Yet Örge, who trained at IU School of Medicine from 1998 until 2005, retains a delicate human
“He exudes the perfect mix of intellect and approachability,” said Charline Boente, MD, MS, an
assistant professor of pediatric ophthalmology at IU who was trained by Örge in Cleveland. “Despite his numerous projects and committees and leadership positions, he has always made me feel comfortable approaching him with any type of question—big or small.”
While still carrying out his training at IU, Örge left an imprint as a teacher. He helped set up a
telemedicine program for continuing medical education that’s done 6,000 consultations in 110 countries.
Once he arrived in Cleveland a decade ago, it was only three years before he was named the director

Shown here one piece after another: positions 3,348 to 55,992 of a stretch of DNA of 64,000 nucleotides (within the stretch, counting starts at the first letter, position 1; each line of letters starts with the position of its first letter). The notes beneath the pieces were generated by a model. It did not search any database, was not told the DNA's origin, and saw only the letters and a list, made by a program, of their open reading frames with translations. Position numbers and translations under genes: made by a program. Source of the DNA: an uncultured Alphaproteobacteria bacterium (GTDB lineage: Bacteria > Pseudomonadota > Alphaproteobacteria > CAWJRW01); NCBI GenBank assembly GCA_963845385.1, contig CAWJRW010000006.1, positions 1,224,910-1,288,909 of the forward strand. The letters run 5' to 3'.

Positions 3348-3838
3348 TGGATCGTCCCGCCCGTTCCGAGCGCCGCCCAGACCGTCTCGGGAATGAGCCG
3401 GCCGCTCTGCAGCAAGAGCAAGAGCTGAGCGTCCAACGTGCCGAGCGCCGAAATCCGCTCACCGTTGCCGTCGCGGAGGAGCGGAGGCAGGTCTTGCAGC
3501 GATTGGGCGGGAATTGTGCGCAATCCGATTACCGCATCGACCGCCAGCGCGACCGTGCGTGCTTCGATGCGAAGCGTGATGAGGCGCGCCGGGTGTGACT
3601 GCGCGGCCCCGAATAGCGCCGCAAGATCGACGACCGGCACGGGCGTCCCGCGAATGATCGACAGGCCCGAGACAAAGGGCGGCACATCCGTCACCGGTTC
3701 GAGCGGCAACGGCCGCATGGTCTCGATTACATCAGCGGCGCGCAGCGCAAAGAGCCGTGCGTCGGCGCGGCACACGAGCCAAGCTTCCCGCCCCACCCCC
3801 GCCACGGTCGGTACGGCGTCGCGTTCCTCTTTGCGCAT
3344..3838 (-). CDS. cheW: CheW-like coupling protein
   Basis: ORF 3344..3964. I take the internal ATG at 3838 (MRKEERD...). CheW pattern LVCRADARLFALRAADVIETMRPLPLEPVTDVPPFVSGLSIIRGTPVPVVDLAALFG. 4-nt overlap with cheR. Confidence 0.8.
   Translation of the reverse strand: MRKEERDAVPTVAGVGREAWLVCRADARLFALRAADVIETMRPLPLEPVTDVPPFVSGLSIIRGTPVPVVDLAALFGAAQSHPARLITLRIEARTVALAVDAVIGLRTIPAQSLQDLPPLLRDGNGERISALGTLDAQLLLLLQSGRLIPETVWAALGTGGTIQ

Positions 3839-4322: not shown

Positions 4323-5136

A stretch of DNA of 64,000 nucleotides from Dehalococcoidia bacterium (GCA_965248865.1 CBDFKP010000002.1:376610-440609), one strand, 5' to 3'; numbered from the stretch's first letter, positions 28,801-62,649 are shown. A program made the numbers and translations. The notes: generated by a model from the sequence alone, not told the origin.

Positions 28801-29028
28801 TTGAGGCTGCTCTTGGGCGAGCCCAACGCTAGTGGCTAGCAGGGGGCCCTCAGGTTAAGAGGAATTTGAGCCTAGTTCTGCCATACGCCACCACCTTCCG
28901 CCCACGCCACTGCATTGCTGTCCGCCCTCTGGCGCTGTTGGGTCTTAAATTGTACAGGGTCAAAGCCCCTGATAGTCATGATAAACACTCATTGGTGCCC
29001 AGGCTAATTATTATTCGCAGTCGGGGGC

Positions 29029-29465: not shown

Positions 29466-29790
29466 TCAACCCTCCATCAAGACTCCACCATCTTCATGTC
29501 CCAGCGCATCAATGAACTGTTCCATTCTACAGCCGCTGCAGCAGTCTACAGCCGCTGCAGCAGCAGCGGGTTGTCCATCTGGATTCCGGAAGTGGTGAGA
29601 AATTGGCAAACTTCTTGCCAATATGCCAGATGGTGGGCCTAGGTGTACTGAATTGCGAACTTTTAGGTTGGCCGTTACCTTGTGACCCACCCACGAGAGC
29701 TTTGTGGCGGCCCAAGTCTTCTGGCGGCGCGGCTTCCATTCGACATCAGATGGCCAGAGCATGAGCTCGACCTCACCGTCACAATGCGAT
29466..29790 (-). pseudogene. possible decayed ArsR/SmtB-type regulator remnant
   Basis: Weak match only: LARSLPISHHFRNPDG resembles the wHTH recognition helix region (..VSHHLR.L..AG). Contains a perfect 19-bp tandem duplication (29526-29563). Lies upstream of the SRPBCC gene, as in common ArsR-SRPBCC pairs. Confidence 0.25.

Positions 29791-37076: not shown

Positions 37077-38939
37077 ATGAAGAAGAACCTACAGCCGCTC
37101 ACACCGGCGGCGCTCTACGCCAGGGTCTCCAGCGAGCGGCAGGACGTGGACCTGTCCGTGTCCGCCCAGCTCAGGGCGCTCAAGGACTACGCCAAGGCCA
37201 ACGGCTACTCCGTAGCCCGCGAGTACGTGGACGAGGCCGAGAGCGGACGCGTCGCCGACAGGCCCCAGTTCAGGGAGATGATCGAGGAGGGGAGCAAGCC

of pediatric ophthalmology and adult strabismus at University Hospitals Cleveland Medical Center
Eye Institute. By 2012, he was honored with the inaugural Althans Endowed Chair and Professorship, the youngest to receive such honor in the CWRU history.
Örge has made considerable contributions to improving the training of colleagues by serving on
multiple committees for the American Association for Pediatric Ophthalmology and Strabismus and as
an examiner for the American Board of Ophthalmology. He also served as Editor in Chief for the Knights Templar Eye Foundation Pediatric Ophthalmology Education Center.
Clinically, he specializes in complex cases of strabismus – misalignment of the eyes – and
childhood glaucoma. Örge is a pioneer in conducting minimally invasive surgeries involving
lasers to help relieve pressure inside the eye and curb the risk of blindness.
Örge has distinguished himself locally, nationally and internationally, as well as within his academic and professional communities, said Louis B. Cantor, MD, Jay C. and Lucile L. Kahn Professor of Glaucoma Research and Education, and Professor of Ophthalmology. “He is an excellent representative of an ambassador for the Indiana University School of Medicine.”